So, I should ignore what goes on in our communities so we can feel better about ourselves?

That’s not what I’m saying—look, we have it really good compared to other people, and I think your writing would go a lot farther if you weren’t so critical of the United States too. I mean, you should be more grateful for what this country has done for you and our family.

At age 27, talking to a black screenwriter about my second book, which I wanted to adapt:

Jon, this is a great story, but have you ever heard of race-neutral storytelling? When producers look at a script, they base its marketability on how wide of an audience they can attract, and the more racially specific a story is, the less people will be interested. So instead of having Puerto Rican characters in Puerto Rico, why not move this story to Los Angeles and make the characters’ racial identity ambiguous, and maybe have a couple smaller characters be Mexican, it is LA so you can get away with that, but overall make it more universal, which is to say, neutral. And cut out the political commentary, just focus on the crime stuff and maybe find a place to add a romantic subplot, since that really appeals to people in the suburbs.

At age 27, receiving a review from a white blogger for the same book:

Jon, I gave this book a chance but couldn’t make it past the third page. Have you ever taken a writing class? Have you ever read a book? Chapter headings are centered three lines down a page as “Chapter 1, 2, 3” etc. and not any other way. You don’t go back and forth between narrative and thought without putting thoughts in italics and dialogue uses quotes, not em-dashes. Finally, mixing Spanish and English and not translating the Spanish really alienates readers and limits your audience. You do want people to read this, right?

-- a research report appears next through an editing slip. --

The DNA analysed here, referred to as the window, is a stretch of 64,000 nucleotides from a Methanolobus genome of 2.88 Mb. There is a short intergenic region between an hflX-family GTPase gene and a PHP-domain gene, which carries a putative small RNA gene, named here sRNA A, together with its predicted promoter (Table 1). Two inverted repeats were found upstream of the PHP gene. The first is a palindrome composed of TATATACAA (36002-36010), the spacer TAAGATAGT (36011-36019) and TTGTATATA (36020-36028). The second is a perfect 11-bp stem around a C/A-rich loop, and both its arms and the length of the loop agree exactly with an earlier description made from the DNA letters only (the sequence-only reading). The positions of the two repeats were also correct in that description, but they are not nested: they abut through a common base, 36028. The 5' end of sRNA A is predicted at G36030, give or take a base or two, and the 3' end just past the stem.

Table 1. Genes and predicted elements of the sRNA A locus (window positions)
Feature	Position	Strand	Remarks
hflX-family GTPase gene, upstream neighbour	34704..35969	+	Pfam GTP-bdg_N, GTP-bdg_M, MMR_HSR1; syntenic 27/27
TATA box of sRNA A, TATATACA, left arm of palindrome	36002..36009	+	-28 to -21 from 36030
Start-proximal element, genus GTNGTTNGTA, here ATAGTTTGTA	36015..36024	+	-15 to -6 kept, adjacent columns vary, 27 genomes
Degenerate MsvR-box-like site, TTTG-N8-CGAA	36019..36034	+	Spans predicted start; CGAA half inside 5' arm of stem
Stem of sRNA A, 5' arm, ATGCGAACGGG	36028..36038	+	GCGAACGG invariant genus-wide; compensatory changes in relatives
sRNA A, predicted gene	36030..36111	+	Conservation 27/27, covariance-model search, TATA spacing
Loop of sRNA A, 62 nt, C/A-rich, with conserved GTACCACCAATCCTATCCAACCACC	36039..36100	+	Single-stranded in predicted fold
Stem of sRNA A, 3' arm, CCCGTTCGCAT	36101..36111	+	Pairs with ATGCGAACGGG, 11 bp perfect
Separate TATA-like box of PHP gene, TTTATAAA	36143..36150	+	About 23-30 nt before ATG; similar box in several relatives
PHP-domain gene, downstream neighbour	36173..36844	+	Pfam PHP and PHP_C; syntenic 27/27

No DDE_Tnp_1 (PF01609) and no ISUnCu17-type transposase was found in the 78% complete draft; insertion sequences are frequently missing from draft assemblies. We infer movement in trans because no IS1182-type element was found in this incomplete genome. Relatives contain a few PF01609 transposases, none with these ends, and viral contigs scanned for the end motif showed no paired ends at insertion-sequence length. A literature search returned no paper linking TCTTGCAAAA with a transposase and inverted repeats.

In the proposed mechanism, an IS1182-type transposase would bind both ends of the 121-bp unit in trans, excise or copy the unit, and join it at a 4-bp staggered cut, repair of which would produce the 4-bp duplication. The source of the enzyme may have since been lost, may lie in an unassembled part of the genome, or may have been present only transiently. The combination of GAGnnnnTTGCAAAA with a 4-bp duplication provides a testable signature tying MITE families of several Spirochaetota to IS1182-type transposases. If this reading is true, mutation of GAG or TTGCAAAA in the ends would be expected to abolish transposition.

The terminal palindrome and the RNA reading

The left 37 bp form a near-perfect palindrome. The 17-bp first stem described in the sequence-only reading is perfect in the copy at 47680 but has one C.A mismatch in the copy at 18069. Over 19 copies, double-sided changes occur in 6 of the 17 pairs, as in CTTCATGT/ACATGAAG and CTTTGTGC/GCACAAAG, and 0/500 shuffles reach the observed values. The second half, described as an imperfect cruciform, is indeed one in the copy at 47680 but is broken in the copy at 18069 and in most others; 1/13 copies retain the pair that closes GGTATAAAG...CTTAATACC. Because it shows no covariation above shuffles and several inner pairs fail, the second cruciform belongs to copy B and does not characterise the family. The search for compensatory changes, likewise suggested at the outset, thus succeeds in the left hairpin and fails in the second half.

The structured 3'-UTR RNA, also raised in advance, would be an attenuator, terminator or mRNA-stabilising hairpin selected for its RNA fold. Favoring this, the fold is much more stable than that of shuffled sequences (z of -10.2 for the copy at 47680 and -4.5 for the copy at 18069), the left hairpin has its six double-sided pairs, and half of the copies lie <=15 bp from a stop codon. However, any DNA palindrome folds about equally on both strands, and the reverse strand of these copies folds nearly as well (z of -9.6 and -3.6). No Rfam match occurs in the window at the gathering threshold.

At age 30, receiving a rejection letter from a major publisher for my third book:

This is a fascinating and vivid book that is intelligently written, however, we have a hard time seeing how it would be marketable for a wide audience since it lacks a relatable character.

It is at this point that the culture began to talk about micro-aggressions outside of the university. Concepts of intersectionality and modes of oppression became commonplace on talk and news shows, but for most of my life I had seen these things play out and understood, even at age 15, that what people didn’t “get” was why I would waste my time writing about brown and black people struggling for dignity and respect in their careers, their personal lives, from their government, their friends, and their family. Had they been white characters, probably no one would have batted an eye. Had the stories set in Puerto Rico or in Puerto Rican communities instead have been Irish or Italian or had the protagonist been a white observer who could give the white reader an “in”, my work probably could have received interest from a larger press, maybe even a Big 5 one, had I played the game of appealing to white sensibilities and assuaging white guilt by portraying my homeland as worse than even the gravest crime the U.S. had ever committed to us and that any good that came to us came from the U.S. Had I remembered to praise the American Dream and have my Latino characters yearn for nothing more than to be another thread in the great nation’s fabric. Had I been a house spic, they would have let me in. Stay in your lane. That is the between the lines refrain I decipher from this small sampling of conversations about my work. Stay in your lane.

Instead, I chose universality. My first book looks at people from all walks of life, educated and not, rich and poor, addicted and straight-laced, selfish and selfless, human beings who happen to be Latinos. My second was set in my homeland and dealt with politic corruption and human trafficking, but more pointedly, it was about the exploitation of the poor for the sins of the wealthy, showing how both Americans and those Puerto Ricans who support them, most often light skinned as well, get away with murder while the poor and black Puerto Ricans suffer for far lesser crimes. My third book was about club kids and mental illness and the desire to return to Puerto Rico to fully achieve our dreams. A subversion of the American Dream that has oppressed our people for ages. If we are to move forward as artists we have to tell stories that are universal, even while being specific to a particular experience and point of view. We have to think of methods of expression that are not so easily explained by ethnicity or country of origin. But to do so we need an outlet for such ideas and stories to flourish. If I was going to be a gatekeeper, then I had to supply the infrastructure, and so one more conversation had to occur.